Feb 5, 2018
Ont. Super. Ct. dismisses summary judgment motion in occupiers case finding genuine issues requiring a trial
Authors Caroline Mowat and Michael S. Teitelbaum
Many thanks to Caroline Mowat for preparing the following case note on the Ontario Superior Court decision of Douglas v. Borthwick
while I was away, which I've lightly edited:
In Douglas v. Borthwick, Ontario Superior Court Justice Rady refused to summarily dismiss this occupiers' liability action against the defendant, Fox Hollow Farm, as there were liability issues requiring a trial, including what obligation an occupier has vis-à-vis an independent contractor.
The plaintiff William Douglas was injured in a tree felling accident while cutting down trees at Fox Hollow. As a result, he was rendered paraplegic. The defendant, Fox Hollow, was in the business of growing and selling trees. The defendant, Larry Borthwick operated L. B. Woodshavings, a wood chipping business. The arrangement with Fox Hollow Farm was that Mr. Borthwick and Mr. Douglas would cut down trees at the property, and in return, they could keep them. No written contract was entered into. No money was exchanged.
On May 2, 2011, while cutting down trees, Mr. Douglas’ chainsaw became stuck in a tree. He asked Mr. Borthwick for help. Mr. Borthwick threw a rope around the tree in order to pull it down and told Mr. Douglas to get out of the way. Instead, Mr. Douglas stood three feet away, believing the tree would fall away from him. Mr. Borthwick was unaware and Mr. Douglas had forgotten that a second tree that Mr. Douglas cut down earlier had become lodged in the tree. While Mr. Borthwick pulled the tree down, the second tree became dislodged and fell on Mr. Douglas.
Mr. Douglas and his family commenced an action for damages against Mr. Borthwick, L. B. Woodshavings and Farm Supplies and Fox Hollow. The plaintiffs relied on the Occupiers’ Liability Act. As against Fox Hollow (the moving party), Mr. Douglas alleged:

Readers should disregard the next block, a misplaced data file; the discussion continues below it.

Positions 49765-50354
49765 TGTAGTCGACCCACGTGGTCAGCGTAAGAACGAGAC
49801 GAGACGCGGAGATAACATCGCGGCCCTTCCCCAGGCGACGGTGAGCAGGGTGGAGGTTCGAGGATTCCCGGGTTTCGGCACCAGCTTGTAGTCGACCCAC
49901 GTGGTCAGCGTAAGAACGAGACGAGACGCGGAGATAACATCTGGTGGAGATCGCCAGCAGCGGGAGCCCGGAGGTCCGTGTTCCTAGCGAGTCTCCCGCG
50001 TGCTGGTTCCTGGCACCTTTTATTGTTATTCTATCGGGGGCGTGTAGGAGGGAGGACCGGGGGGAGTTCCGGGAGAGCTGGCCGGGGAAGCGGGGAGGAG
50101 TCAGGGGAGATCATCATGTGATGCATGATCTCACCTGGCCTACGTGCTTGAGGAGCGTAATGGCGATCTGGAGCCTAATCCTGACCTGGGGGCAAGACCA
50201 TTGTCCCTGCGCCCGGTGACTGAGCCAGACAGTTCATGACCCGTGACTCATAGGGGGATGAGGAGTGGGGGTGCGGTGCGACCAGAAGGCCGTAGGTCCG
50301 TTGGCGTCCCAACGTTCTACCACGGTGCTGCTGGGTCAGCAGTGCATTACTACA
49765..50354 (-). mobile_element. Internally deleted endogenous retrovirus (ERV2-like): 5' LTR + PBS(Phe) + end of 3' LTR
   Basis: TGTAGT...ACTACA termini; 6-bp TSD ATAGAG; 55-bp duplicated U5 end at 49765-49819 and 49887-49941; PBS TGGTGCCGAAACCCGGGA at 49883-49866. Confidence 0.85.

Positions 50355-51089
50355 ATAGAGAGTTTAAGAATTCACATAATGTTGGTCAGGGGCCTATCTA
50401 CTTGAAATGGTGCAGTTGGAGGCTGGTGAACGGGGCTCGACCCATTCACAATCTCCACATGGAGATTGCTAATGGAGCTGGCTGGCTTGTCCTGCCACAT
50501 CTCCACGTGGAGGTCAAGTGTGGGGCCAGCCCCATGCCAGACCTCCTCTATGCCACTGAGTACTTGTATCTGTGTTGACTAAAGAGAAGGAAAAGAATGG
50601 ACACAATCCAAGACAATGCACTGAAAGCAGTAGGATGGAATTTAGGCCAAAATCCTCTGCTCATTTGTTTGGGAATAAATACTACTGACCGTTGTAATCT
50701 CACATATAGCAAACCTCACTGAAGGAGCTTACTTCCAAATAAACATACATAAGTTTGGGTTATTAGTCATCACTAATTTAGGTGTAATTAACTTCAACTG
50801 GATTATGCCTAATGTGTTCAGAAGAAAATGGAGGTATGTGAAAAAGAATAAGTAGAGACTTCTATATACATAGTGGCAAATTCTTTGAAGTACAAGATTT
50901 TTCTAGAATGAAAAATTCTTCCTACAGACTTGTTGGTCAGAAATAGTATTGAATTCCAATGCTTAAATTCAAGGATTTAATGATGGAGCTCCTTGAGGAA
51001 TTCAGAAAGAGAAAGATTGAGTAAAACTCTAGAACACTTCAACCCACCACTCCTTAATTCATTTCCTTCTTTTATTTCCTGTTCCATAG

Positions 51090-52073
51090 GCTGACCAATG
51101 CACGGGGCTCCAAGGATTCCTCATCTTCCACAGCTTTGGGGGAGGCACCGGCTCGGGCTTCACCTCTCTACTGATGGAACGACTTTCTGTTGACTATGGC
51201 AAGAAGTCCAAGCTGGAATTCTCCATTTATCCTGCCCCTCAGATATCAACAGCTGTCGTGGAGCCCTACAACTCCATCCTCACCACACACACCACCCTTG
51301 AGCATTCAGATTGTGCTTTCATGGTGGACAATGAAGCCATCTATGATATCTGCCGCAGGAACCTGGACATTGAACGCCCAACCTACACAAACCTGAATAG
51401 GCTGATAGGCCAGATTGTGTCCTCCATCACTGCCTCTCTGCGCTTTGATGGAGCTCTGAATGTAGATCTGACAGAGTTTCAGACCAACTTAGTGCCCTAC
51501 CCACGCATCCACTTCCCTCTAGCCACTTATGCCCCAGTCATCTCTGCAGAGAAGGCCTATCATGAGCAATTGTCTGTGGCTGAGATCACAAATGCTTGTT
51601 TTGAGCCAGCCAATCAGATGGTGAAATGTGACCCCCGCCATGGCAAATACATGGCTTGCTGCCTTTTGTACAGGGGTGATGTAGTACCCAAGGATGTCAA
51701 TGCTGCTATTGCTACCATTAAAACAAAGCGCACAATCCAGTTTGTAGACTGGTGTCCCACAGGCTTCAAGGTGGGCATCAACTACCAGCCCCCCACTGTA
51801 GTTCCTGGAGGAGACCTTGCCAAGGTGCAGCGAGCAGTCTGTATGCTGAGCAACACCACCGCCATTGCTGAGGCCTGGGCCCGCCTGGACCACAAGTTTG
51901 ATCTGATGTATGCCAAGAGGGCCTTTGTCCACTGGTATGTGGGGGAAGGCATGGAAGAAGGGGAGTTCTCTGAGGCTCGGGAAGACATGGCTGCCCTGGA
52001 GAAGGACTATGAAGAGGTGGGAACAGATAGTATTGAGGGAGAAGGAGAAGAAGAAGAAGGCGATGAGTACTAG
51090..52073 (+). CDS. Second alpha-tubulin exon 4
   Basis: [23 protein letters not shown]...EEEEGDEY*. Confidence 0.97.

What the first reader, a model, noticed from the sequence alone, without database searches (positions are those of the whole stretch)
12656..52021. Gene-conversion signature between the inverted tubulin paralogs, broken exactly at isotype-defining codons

(l) it entered into a contract with the other defendants [i.e. Mr. Borthwick and L. B. Woodshavings] when it knew or ought to have known that they were not qualified to carry out the duties it required, that being the removal of trees;
(m) it failed to ensure its property was in good repair and properly maintained;
(n) it failed to adequately supervise or train the plaintiff and the defendant Larry Borthwick;
(o) it failed to ascertain whether or not the defendants were qualified to engage in tree removal;
(p) it allowed tree removal to be conducted on its property without adequate supervision; and
(q) it employed agents who were inadequately trained to remove trees.”
With respect to the use of a summary judgment motion, the parties agreed that summary judgment was an appropriate way to proceed. And, notwithstanding the fact that the trial was five months away, Justice Rady agreed to hear the motion as she was satisfied the motion might streamline the trial and shorten its duration. However, Her Honour commented that there was no reason the motion was not brought immediately after the parties’ examinations for discovery.